Stephenson is another player that seemingly fell off a cliff after establishing himself as a borderline All-Star. In a shrewd move, the Clippers traded for Stephenson last year in an attempt to upgrade on the wing. The hope was Stephenson would find his old self from his Indiana days, though that never really came to fruition.

Part of the issue for Stephenson was that he seemed to be on a short leash under Doc Rivers and he never really received consistent playing time. He had moments where he made you think he was finding his old game, and other moments where he made you think he was a hopeless cause.

Stephenson eventually was traded to the Memphis Grizzlies, who were decimated by injuries and were willing to give just about anyone big minutes. In 26.6 minutes per game with the Grizzlies, Stephenson averaged 14.2 points 4.4 rebounds and 2.8 assists, while shooting 47.4 percent from the field and 35.5 percent from three-point range. Those are some pretty solid statistics, however, it came on a team that was completely devoid of NBA-level talent because of injuries.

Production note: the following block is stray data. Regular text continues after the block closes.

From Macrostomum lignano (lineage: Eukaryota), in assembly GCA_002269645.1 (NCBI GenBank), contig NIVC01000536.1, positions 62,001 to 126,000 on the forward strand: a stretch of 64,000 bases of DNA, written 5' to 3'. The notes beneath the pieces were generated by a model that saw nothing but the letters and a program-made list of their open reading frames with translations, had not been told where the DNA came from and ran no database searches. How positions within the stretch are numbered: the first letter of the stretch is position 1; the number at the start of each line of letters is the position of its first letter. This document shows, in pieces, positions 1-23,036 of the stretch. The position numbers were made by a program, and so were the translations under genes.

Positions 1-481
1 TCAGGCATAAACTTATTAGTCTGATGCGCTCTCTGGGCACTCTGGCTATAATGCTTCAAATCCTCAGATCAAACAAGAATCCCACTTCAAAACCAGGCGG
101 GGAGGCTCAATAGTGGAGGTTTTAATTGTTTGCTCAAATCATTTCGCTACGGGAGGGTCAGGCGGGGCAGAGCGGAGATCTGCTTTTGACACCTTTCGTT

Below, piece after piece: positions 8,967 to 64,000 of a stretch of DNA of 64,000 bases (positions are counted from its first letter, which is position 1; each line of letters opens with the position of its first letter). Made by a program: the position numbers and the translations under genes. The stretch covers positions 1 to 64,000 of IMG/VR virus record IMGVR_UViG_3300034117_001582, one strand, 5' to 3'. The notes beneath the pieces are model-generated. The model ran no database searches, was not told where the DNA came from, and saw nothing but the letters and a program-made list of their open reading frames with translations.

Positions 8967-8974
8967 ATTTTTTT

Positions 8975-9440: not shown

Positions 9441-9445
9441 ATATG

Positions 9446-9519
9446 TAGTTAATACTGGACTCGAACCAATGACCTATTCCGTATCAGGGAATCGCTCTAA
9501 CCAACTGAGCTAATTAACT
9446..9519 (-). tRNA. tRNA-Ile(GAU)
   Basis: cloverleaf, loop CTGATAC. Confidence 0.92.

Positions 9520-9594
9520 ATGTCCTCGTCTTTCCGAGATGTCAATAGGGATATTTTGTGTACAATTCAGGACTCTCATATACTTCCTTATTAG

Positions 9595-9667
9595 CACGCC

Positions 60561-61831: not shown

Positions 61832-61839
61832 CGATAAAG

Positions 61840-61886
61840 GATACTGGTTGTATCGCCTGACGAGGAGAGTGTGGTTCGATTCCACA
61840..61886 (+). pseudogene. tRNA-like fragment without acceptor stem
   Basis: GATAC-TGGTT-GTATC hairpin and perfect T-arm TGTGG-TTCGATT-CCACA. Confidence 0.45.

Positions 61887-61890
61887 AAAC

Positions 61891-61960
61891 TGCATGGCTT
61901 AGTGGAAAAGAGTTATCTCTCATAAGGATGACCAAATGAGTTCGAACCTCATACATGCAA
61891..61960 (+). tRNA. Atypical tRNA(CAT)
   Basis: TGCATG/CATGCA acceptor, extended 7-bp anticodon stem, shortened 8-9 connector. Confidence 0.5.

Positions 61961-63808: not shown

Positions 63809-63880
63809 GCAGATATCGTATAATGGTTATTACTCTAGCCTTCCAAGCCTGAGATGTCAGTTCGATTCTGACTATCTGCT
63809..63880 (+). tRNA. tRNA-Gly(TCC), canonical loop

The fact that Stephenson hasn’t found a new home yet suggests that NBA teams aren’t convinced that Stephenson can produce on that same level when surrounded by high-caliber players. That, and Stephenson has earned a reputation for being somewhat of a headache, so teams aren’t going to take a risk on him unless they are convinced he can be an impact player on the court.

Mario Chalmers (Unrestricted)

Chalmers has never established himself as an elite point guard, but he is a veteran who can shoot the ball and isn’t afraid of big moments. Unfortunately, Chalmers ruptured his right Achilles tendon in March and was subsequently waived by the Grizzlies. Before the injury, Chalmers averaged 10.8 points, and 3.8 assists in 55 games with the Grizzlies.